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Colombia protest marches turn violent

January 22, 2020

Civilians first began venting their frustrations over President Ivan Duque's government in November 2019. Protesters are angry at perceived corruption and a flailing economy.

Colombian protests against Duque on January 21 in Bogota
Image: Reuters/L. Gonzalez

Anti-government protests that saw at least four people injured, three of which were police officers, returned to the streets of Colombia on Tuesday as riot police clashed with demonstrators.

Protests against President Ivan Duque's government first broke out in November last year in what began as a general strike but soon evolved into discontent over Duque's economic reforms, a lack of jobs, corruption and drug-related violence.

Read more: Colombia thwarts bid to kill ex-FARC rebel leader Timochenko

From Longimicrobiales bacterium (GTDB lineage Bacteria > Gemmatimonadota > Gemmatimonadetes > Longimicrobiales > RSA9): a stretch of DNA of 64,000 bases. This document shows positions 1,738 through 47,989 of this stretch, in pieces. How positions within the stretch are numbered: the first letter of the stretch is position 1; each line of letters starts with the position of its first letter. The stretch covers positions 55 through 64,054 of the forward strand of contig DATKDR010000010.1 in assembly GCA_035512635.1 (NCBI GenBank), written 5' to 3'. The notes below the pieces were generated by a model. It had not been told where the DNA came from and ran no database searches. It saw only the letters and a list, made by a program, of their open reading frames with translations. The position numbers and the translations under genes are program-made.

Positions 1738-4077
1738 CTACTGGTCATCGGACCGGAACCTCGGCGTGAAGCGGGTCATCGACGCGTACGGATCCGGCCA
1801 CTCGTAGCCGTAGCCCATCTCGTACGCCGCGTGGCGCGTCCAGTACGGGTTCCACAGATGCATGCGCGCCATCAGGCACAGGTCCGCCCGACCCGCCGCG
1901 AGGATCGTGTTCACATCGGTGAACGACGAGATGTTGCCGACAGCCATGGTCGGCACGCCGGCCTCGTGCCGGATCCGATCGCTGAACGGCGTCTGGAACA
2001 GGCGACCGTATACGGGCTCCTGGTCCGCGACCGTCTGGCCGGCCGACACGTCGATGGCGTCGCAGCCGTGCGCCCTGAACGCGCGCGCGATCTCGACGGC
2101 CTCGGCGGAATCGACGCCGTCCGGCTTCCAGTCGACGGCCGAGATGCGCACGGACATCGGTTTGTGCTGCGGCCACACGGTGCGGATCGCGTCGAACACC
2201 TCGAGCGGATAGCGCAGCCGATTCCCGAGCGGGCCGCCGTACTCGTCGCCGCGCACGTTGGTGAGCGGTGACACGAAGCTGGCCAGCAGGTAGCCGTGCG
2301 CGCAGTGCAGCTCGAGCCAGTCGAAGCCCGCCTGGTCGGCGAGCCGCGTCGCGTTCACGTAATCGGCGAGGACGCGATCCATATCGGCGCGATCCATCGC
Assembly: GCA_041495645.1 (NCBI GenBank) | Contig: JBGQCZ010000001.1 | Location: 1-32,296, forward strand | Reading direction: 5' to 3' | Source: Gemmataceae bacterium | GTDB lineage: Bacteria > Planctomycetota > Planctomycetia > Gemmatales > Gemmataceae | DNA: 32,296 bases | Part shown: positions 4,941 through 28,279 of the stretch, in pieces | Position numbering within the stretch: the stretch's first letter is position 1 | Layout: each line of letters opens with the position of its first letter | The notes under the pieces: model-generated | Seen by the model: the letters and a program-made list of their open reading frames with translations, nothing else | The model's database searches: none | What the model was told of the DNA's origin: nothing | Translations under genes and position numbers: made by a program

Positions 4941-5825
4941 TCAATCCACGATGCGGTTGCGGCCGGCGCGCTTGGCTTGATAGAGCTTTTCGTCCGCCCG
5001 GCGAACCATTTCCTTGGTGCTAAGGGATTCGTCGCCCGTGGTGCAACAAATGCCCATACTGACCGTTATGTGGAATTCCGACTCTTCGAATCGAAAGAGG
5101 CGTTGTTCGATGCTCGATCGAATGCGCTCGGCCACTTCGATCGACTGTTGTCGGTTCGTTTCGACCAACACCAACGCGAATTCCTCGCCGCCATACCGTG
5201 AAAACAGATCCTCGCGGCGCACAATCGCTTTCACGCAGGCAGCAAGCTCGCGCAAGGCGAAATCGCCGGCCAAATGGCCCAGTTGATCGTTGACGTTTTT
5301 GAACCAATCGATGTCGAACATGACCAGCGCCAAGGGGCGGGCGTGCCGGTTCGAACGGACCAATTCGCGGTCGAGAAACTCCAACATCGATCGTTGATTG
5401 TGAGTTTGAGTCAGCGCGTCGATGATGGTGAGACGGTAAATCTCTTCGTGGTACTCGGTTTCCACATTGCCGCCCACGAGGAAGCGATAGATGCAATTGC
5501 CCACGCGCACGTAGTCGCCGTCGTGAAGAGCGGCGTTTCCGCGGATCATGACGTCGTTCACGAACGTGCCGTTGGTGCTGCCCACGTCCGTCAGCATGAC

Bogota City Hall reported up to 20 demonstrations across the capital on Tuesday, most of which were described as peaceful, though at two, riot police clashed with "violent hooded men."

The mayor of Bogota, Claudia Lopez, who took office on January 1, has set up a protocol to try to prevent clashes during demonstrations. Four people have died and roughly 500 have been injured since they began on November 21.

Protests also took place Tuesday in cities including Cali, Medellin and Barranquilla.

Give and take

Demonstrators want Duque to abolish the ESMAD riot police, an organization heavily criticized for its aggressive response to the protests.

Duque, who has been in power since August 2018, has given in to some of the demands on tax reform, confirming the refund of Value Added Tax to the poorest 20% of the population and benefits for companies that employ younger staff.

Protests against Duque in Colombia
Protesters set alight a barricade during a demonstration against the government in Bogota on January 21Image: AFP/R. Arboleda

The president defended, though, what he described as "a national conversation" with various sectors in order to solve the deadlock.

"We want to listen to all sectors so that we can move on to making proposals, where we can solve many of the country's needs that have emerged from years ago," the 43-year-old president said.

jsi/se (dpa, AFP)

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